Protect Yourself from Email and Online Fraud

by Susan Wolcott, CPA, CFE

Dear clients and friends,

While online communications and banking have made life more convenient in many ways, it has also opened the door to new kinds of crime perpetrated by criminals from around the world. Living in a small community like ours at one time gave us a layer of protection from "big city" criminals. No more. Criminals from across the globe are reaching out to steal your identity and assets. Be informed, be aware and protect yourself and your assets.

Your bank or the IRS will not contact you by e-mail or phone to verify personal information or account information. Do not click on any links or call any phone number provided in such e-mails. Do not provide personal information over the phone to any caller.

About Phishing

An email falsely claiming to be from a legitimate, reputable organization is commonly known as "phishing." It got this name because the person, or criminal entity, sending you the email is usually "fishing" for personal or financial information. The email may look legitimate, but in attempting to replicate an email from the legitimate organization, you will commonly find misspellings, typos, suspicious email addresses for the sender, or design flaws.

Phishing emails will commonly ask for your personal or financial information, direct you to a fraudulent ("spoofed") website that requests information, or include fraudulent phone numbers. Clicking on the link to the spoofed website often downloads a virus that grabs your personally identifiable information.

If you suspect that you have received a phishing email or just maybe aren't sure, DO NOT reply to the email or click any of the links or attachments. Delete the email.

Beware of Phishing and Fraudulent Emails, which:

  • Ask you for personal information, including your username and password, Social Security number, Tax ID number, financial records, bank account numbers, debit or credit card numbers or security codes, etc.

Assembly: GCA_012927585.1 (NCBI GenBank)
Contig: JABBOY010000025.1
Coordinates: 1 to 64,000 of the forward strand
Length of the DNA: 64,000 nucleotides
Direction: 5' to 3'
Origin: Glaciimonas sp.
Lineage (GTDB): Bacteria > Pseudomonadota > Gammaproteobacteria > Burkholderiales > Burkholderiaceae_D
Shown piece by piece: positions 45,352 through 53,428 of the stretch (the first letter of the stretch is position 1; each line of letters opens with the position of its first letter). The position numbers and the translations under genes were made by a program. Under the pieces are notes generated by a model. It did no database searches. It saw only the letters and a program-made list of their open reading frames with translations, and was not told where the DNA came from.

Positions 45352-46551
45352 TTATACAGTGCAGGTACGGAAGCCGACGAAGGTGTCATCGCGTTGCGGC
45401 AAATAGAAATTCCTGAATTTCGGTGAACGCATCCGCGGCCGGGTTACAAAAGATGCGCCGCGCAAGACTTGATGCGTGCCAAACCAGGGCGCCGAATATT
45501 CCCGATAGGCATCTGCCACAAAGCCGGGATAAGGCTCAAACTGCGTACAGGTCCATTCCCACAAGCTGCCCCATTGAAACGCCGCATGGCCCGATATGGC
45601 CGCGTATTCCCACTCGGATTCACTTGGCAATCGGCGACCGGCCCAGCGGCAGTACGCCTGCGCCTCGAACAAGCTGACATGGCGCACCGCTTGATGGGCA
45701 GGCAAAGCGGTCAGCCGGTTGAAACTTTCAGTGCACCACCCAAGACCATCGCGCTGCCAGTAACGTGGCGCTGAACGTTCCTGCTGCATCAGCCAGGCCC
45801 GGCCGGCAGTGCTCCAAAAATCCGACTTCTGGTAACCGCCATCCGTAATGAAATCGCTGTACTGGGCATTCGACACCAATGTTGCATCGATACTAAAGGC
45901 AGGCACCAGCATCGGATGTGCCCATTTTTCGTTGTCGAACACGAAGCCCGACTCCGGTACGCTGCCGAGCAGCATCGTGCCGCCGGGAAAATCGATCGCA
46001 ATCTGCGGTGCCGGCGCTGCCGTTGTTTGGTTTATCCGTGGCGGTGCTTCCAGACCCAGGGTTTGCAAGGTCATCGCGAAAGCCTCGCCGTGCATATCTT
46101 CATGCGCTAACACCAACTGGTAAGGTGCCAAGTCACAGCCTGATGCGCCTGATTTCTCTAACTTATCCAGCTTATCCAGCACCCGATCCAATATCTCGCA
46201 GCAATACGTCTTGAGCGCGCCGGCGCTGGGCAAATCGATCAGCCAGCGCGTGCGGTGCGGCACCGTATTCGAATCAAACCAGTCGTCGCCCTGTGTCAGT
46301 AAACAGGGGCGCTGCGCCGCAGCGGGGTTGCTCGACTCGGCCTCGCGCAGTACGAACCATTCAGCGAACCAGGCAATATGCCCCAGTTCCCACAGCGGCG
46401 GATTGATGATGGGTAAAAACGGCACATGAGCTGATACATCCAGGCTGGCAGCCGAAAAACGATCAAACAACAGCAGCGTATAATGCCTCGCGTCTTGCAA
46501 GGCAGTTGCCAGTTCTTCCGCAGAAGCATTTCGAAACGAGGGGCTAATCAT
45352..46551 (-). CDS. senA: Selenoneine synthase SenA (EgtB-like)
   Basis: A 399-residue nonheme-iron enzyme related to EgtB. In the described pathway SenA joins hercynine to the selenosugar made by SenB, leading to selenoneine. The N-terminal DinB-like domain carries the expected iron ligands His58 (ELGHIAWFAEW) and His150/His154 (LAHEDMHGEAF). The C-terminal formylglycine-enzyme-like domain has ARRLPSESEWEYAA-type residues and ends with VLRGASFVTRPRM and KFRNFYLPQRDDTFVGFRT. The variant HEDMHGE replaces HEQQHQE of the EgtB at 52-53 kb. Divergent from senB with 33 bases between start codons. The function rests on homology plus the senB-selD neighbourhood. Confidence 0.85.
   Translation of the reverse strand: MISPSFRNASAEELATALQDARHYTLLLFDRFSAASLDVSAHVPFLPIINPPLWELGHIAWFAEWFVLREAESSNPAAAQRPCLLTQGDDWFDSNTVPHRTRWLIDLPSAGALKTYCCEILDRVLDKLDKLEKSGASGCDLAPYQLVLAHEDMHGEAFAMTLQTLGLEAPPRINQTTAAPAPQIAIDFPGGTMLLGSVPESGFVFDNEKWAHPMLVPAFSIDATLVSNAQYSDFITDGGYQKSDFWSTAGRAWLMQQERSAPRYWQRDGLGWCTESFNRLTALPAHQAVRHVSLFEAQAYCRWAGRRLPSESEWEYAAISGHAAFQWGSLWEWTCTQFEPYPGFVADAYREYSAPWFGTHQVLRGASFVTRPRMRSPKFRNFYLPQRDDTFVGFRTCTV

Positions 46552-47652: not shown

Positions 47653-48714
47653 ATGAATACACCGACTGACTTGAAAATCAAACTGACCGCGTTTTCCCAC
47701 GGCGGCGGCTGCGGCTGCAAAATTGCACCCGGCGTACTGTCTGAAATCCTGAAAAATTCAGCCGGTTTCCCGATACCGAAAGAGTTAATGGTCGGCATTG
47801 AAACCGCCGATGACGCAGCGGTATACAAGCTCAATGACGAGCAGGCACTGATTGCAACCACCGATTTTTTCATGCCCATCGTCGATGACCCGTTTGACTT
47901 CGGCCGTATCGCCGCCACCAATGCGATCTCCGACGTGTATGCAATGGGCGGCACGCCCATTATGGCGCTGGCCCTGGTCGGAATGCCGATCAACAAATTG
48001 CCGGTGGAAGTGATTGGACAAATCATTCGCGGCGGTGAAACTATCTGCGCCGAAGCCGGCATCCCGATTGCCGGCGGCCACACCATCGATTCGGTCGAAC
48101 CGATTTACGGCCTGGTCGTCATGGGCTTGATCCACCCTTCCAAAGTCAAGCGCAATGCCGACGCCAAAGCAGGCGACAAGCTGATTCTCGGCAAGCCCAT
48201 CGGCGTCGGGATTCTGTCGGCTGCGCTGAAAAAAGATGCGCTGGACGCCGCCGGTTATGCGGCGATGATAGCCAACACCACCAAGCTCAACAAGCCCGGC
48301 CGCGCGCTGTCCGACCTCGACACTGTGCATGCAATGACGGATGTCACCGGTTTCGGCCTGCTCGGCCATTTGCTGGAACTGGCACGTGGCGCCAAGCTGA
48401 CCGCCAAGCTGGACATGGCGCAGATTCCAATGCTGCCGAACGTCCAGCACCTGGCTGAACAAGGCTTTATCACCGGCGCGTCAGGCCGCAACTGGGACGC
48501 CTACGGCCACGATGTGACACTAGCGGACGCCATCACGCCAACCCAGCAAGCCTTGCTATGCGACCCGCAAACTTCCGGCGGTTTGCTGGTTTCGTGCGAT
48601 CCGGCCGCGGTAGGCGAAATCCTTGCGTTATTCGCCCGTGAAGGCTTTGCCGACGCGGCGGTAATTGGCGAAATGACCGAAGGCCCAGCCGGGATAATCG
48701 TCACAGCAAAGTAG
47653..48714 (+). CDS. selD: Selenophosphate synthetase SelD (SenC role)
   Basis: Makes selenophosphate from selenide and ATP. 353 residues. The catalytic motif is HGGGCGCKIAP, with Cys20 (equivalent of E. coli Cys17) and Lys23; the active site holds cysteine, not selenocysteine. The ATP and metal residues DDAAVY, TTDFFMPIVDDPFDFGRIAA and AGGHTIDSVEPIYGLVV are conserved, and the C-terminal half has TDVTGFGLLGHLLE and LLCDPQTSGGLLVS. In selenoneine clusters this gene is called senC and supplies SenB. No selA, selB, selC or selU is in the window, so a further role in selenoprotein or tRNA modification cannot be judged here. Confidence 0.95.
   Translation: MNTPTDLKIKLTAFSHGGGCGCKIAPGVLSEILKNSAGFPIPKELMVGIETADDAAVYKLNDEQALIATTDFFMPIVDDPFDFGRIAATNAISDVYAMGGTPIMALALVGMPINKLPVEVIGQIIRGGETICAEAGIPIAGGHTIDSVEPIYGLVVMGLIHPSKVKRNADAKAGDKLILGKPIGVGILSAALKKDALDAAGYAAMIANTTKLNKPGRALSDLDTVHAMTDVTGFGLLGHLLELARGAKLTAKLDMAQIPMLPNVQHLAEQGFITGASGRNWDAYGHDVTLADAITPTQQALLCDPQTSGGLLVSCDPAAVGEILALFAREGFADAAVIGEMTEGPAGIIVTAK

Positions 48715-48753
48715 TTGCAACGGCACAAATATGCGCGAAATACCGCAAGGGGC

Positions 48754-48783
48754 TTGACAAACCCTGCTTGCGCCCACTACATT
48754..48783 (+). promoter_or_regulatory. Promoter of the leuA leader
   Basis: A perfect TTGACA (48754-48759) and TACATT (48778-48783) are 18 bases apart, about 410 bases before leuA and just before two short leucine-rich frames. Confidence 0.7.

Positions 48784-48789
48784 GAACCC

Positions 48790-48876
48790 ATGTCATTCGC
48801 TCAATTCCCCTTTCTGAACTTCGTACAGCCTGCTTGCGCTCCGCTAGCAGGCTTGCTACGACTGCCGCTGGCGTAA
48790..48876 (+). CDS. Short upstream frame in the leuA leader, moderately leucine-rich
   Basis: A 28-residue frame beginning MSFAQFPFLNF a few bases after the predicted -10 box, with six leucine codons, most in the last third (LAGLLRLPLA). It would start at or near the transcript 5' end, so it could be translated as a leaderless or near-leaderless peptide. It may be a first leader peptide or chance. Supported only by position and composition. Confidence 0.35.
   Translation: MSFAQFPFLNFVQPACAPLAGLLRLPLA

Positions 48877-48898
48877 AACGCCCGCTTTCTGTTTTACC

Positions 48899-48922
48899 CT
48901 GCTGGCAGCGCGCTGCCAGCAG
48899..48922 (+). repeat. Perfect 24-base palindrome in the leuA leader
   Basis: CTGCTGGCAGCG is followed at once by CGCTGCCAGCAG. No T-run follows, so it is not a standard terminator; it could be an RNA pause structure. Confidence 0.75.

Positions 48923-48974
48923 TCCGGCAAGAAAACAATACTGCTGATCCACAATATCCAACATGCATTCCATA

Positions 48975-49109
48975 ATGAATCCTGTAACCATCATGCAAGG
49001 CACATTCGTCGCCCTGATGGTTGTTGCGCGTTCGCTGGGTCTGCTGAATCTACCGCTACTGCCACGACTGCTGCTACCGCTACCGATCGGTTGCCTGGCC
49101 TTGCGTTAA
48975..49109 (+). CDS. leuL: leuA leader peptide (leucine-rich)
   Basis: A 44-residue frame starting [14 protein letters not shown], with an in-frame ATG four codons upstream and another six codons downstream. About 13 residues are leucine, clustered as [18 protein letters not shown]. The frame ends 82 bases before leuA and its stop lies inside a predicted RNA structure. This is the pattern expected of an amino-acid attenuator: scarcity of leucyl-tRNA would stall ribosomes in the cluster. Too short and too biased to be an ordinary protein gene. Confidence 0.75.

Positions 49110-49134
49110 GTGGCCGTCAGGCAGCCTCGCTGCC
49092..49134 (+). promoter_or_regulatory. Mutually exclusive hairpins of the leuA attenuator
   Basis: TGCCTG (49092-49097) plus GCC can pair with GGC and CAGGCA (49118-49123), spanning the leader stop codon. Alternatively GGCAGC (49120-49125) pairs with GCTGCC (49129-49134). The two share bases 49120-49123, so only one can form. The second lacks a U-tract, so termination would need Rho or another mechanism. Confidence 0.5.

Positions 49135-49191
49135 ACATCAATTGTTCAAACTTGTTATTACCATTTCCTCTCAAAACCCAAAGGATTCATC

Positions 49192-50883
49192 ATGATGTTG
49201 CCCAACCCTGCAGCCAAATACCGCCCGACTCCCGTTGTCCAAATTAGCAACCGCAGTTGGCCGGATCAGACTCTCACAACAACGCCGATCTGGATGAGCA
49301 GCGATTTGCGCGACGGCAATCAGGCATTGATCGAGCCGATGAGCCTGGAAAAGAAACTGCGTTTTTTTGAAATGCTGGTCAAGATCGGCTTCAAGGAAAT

• Ask you to verify account information through a link in the email or by calling a phone number.
  • May ask you to copy and paste website urls into your browser.
  • Contain attachments including images, files and documents.
  • Include broken links.
  • Misspell your personal information, such as your name.

Help Protect Yourself

  • Regularly update antivirus, firewall, intrusion detection and intrusion protection solutions.
  • Install the latest releases and patches for your operating systems and critical programs, especially on systems that host public services and are accessible through your firewall.
  • Update your web browsers. Many of the newer versions of web browsers, such as Internet Explorer, Firefox, and Chrome have advanced security features.
  • Configure mail servers to block or remove email that contains attachments that are commonly used to spread viruses.
  • Train employees to not open attachments unless they are expected and come from a trusted source, and to not execute software that is downloaded from the Internet unless it has been scanned for viruses.
  • Do not provide personal information such as user IDs, account numbers or passwords in response to an email, even if the email looks legitimate.
  • Do not respond to text messages or voicemails that ask you to call a number and enter personal information such as account numbers.
  • Regularly update your email and online passwords.
  • Consider the possibility of restricting Internet use by employees, specifically shopping, as they are opportunities to compromise the network.
  • Have emergency response procedures in place, including back-up and restore capabilities in order to restore lost or compromised data.